In her push for universal health care, Dr. Hernandez came under fire from San Francisco businesses that supported the concept but did not want to pay into the plan. Local employers with 20 or more employees are expected to pay about $38 million of the $200 million cost for the first year. The fees range from $1.17 to $1.76 per hour per employee, depending on the size of the business.

The Golden Gate Restaurant Association, representing 800 members, filed suit to overturn the mandatory fees, alleging that they were illegal. The association won in U.S. District Court, but the 9th Circuit U.S. Court of Appeals allowed the city to begin enrolling clients and collecting fees in January, pending a final decision. The judges said the city's case showed a "strong likelihood of success on the merits."

"We hope this will be a national model," says San Francisco Health Commissioner David Sanchez. "Sandra continues to play a critical, leading role in health policy, not only in San Francisco, but nationally. She's setting the benchmark to be inclusive, find new pathways and protocols, and make long-range changes."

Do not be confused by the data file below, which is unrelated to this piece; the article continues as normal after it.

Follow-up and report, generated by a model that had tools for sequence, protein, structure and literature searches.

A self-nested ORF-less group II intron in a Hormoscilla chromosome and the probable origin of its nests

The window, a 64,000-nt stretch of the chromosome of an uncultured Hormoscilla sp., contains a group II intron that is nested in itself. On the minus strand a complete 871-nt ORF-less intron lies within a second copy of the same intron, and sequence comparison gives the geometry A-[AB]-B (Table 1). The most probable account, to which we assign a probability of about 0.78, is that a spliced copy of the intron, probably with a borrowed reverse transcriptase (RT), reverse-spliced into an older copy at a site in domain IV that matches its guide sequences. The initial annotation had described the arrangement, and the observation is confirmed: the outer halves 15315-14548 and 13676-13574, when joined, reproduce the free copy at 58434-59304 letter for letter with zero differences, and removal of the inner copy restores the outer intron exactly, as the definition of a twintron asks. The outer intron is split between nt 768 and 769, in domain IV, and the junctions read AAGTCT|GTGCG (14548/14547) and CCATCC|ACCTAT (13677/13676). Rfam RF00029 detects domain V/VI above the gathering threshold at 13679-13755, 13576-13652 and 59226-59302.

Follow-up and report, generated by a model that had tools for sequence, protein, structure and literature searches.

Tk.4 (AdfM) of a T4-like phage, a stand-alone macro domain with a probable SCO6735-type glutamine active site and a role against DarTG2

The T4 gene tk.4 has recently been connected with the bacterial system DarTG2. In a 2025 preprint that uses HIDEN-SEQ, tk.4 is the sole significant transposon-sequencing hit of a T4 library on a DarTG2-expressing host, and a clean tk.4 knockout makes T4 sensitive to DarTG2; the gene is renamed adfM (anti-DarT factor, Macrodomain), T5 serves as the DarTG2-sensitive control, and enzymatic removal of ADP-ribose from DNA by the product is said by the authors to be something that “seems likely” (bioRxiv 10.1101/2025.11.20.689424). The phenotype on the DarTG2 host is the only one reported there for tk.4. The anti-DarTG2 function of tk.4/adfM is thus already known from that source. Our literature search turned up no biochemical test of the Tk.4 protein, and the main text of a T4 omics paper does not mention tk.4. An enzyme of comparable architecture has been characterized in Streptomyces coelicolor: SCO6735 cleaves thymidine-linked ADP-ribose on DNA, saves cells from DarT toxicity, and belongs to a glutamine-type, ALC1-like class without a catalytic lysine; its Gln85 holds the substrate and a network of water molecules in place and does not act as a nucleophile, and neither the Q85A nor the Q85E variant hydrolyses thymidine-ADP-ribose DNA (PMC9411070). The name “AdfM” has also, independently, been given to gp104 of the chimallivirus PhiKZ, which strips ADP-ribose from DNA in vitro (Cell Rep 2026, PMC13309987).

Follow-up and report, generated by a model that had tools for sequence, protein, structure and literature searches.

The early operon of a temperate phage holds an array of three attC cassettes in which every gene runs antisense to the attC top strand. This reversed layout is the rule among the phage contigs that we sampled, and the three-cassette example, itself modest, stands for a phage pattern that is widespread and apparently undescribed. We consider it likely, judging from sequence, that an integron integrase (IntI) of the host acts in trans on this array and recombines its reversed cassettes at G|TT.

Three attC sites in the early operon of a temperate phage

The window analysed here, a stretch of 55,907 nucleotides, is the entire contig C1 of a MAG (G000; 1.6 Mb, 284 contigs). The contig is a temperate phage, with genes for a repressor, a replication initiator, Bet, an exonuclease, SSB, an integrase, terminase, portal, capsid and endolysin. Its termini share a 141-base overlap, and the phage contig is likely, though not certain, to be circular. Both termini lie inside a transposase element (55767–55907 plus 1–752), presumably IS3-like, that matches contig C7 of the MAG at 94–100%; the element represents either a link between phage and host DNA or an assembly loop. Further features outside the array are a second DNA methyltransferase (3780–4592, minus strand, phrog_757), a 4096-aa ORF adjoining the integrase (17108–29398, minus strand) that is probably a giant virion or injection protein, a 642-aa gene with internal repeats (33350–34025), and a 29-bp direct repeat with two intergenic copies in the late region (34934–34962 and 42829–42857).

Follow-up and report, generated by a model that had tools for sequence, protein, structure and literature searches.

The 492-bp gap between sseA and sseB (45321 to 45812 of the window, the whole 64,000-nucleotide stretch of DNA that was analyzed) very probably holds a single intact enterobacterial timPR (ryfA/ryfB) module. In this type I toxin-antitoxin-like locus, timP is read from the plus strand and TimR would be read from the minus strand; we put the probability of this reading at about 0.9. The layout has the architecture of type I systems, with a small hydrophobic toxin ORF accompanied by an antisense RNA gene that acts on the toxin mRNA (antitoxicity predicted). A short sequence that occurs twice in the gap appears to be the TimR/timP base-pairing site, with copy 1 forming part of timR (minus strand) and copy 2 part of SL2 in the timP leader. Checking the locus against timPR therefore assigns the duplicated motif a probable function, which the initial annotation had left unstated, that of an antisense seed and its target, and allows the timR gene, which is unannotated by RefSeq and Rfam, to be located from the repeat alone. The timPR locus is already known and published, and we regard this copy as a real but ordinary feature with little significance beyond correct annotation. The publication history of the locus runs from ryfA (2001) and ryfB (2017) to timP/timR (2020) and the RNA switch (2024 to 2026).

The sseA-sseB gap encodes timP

Armed with personal conviction and professional data, Dr. Hernandez has successfully confronted more than her share of skeptics on the road to change. "People told us we couldn't get health reform," she says. "They said Nixon tried and failed, and Clinton tried and failed. But if you come from a family of immigrants, you believe in your soul that things can and should be better."

The granddaughter of Mexican immigrants who settled in the Southwest to work on the Southern Pacific Railroad, she grew up in Tuscon, Arizona. Her father was a hard-working machinist who believed in civic responsibility and always volunteered to work at the polls on election day. Both he and her mother were strong role models. Her mother took care of the family, and she also worked at a women's clothing store.

Because she earned an income, Dr. Hernandez says, her mother was seen as an independent woman, and her friends sought out her advice on parenting and money management. She taught every woman on the block to drive, believing that only then could they participate in the economy.